The nation's crude oil supplies increased last week, the government said Wednesday.
Crude supplies grew by 3.7 million barrels, or 1 percent, to 379.5 million barrels, which is 2.5 percent above year-ago levels, the Energy Department's Energy Information Administration said in its weekly report.
Analysts expected a rise of 2.2 million barrels for the week ended May 4, according to Platts, the energy information arm of McGraw-Hill Cos.
Gasoline supplies fell by 2.6 million barrels, or 1.2 percent, to 207.1 million barrels. That's 0.6 percent more than year-ago levels. Analysts expected gasoline supplies to shrink by 600,000 barrels.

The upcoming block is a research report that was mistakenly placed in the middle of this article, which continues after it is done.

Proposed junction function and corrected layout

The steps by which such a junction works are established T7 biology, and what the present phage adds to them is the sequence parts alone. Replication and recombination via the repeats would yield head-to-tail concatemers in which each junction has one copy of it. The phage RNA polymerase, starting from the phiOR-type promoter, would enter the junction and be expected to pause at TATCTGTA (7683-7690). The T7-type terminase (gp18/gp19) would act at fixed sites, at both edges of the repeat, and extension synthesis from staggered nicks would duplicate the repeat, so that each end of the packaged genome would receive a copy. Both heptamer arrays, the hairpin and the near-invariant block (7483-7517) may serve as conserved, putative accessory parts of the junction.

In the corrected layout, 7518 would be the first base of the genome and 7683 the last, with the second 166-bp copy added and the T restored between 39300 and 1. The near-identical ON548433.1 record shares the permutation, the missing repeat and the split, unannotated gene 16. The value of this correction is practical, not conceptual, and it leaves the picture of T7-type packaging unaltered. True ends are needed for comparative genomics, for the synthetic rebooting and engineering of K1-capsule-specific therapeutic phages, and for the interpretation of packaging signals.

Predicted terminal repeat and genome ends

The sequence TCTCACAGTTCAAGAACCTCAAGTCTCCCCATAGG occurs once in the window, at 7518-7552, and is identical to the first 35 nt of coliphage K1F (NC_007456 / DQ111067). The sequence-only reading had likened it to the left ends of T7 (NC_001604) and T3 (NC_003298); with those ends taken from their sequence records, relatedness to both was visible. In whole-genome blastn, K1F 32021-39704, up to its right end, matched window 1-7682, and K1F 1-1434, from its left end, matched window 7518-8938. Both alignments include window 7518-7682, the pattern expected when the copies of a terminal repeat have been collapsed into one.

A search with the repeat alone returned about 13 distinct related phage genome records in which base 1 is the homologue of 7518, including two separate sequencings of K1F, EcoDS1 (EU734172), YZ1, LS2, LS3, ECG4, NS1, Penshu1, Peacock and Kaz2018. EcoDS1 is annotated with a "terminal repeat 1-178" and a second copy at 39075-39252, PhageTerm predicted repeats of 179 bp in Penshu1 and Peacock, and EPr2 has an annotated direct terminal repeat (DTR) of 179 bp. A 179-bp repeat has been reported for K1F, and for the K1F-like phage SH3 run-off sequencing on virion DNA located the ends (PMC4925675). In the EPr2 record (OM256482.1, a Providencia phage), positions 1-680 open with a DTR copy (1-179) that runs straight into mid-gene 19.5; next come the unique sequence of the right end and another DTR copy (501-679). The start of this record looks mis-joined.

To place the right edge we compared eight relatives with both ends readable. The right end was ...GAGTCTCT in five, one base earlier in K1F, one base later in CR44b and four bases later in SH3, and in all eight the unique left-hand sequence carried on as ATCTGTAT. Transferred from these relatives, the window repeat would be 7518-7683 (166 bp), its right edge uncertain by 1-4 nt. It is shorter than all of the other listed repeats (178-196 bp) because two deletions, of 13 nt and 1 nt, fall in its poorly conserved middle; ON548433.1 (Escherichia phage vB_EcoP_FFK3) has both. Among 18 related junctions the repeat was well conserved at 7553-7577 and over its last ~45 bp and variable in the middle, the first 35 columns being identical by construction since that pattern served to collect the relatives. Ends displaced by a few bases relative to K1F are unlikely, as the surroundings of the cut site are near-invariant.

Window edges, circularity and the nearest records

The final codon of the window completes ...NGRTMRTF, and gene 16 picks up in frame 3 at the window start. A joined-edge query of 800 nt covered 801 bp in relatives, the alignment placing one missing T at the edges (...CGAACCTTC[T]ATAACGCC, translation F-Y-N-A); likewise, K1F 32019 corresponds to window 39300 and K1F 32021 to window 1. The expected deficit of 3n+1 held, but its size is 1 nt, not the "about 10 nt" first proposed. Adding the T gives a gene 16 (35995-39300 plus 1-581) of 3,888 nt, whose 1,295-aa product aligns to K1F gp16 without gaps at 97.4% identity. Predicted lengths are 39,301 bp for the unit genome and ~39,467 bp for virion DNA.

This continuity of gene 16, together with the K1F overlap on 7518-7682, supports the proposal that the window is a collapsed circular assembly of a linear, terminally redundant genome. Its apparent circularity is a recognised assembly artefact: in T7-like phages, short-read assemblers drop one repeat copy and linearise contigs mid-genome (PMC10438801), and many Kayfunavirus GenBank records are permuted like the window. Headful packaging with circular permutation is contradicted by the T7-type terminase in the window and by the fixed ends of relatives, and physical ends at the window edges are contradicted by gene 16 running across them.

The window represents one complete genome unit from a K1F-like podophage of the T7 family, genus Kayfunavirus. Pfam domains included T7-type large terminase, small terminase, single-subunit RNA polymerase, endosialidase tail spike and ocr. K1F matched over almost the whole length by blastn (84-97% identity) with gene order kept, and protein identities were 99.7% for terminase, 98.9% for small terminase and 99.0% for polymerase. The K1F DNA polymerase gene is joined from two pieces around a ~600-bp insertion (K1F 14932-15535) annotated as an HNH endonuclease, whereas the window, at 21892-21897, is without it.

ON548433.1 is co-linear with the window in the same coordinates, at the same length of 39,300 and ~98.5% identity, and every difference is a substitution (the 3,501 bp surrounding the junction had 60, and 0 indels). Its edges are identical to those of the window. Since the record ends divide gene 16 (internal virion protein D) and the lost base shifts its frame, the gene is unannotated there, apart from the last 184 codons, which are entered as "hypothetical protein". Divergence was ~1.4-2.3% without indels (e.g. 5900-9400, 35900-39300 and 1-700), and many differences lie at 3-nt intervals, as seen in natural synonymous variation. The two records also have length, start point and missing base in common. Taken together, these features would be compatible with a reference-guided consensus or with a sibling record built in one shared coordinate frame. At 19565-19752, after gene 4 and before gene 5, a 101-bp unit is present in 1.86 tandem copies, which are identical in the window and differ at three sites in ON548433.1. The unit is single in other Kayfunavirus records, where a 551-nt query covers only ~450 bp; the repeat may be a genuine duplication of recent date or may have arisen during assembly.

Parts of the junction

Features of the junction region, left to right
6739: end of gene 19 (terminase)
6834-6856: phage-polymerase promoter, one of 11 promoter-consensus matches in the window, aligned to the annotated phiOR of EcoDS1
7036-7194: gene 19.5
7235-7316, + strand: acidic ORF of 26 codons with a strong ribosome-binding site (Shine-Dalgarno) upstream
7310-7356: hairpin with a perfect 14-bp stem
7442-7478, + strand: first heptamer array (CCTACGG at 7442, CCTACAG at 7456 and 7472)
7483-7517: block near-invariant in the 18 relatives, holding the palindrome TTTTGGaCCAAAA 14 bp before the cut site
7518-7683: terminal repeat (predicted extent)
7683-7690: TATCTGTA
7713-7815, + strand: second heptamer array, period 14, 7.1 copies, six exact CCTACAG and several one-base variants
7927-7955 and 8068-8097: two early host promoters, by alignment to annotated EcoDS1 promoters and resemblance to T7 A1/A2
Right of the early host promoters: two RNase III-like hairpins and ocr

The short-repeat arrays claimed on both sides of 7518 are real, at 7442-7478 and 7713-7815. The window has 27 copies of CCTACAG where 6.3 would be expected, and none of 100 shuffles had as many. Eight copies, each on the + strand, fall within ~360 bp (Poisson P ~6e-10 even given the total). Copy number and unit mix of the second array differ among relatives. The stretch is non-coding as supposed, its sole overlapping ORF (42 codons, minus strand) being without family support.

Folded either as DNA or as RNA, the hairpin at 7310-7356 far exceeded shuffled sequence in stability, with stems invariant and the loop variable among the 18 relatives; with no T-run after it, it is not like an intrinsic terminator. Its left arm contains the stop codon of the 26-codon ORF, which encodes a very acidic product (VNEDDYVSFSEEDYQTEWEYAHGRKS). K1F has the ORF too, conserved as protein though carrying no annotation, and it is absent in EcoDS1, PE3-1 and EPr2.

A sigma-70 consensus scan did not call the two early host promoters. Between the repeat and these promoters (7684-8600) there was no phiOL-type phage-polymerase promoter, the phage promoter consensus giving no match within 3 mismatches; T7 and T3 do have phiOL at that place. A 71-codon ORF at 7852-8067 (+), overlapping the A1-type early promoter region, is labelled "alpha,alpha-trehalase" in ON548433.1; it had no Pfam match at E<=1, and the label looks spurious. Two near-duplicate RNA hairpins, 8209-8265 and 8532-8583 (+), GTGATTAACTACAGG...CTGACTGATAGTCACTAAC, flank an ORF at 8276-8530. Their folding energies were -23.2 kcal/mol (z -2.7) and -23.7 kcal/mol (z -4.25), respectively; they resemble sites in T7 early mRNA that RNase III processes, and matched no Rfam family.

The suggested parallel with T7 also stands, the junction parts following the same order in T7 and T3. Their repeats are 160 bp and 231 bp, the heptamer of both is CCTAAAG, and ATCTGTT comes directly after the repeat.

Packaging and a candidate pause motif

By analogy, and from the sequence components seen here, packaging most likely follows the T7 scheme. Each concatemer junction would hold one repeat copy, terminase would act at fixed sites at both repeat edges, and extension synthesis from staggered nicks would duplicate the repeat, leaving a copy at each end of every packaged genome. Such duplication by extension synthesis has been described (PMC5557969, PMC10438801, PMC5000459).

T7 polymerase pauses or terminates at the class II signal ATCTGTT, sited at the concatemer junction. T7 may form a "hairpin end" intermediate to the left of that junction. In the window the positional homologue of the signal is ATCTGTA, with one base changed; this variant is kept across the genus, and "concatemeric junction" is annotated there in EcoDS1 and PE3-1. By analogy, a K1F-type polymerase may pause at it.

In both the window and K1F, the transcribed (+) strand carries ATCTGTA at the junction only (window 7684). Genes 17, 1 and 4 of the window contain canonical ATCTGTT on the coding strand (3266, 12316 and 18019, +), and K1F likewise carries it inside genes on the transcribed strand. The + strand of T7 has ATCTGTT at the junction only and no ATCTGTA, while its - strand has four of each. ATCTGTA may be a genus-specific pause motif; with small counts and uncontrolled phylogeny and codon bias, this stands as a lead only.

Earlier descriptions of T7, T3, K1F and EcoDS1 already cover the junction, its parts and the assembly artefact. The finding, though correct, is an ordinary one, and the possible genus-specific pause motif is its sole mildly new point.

Demand for gasoline over the four weeks ended May 4 was 3.2 percent lower than a year ago, averaging 8.7 million barrels a day.
U.S. refineries ran at 86.4 percent of total capacity on average, up 1.4 percentage points from the prior week. Analysts expected capacity to rise to 85.3 percent.
Supplies of distillate fuel, which include diesel and heating oil, fell by 3.3 million barrels to 120.8 million barrels. Analysts expected distillate stocks to be unchanged.
Benchmark crude fell $1.01 to $96 a barrel in New York.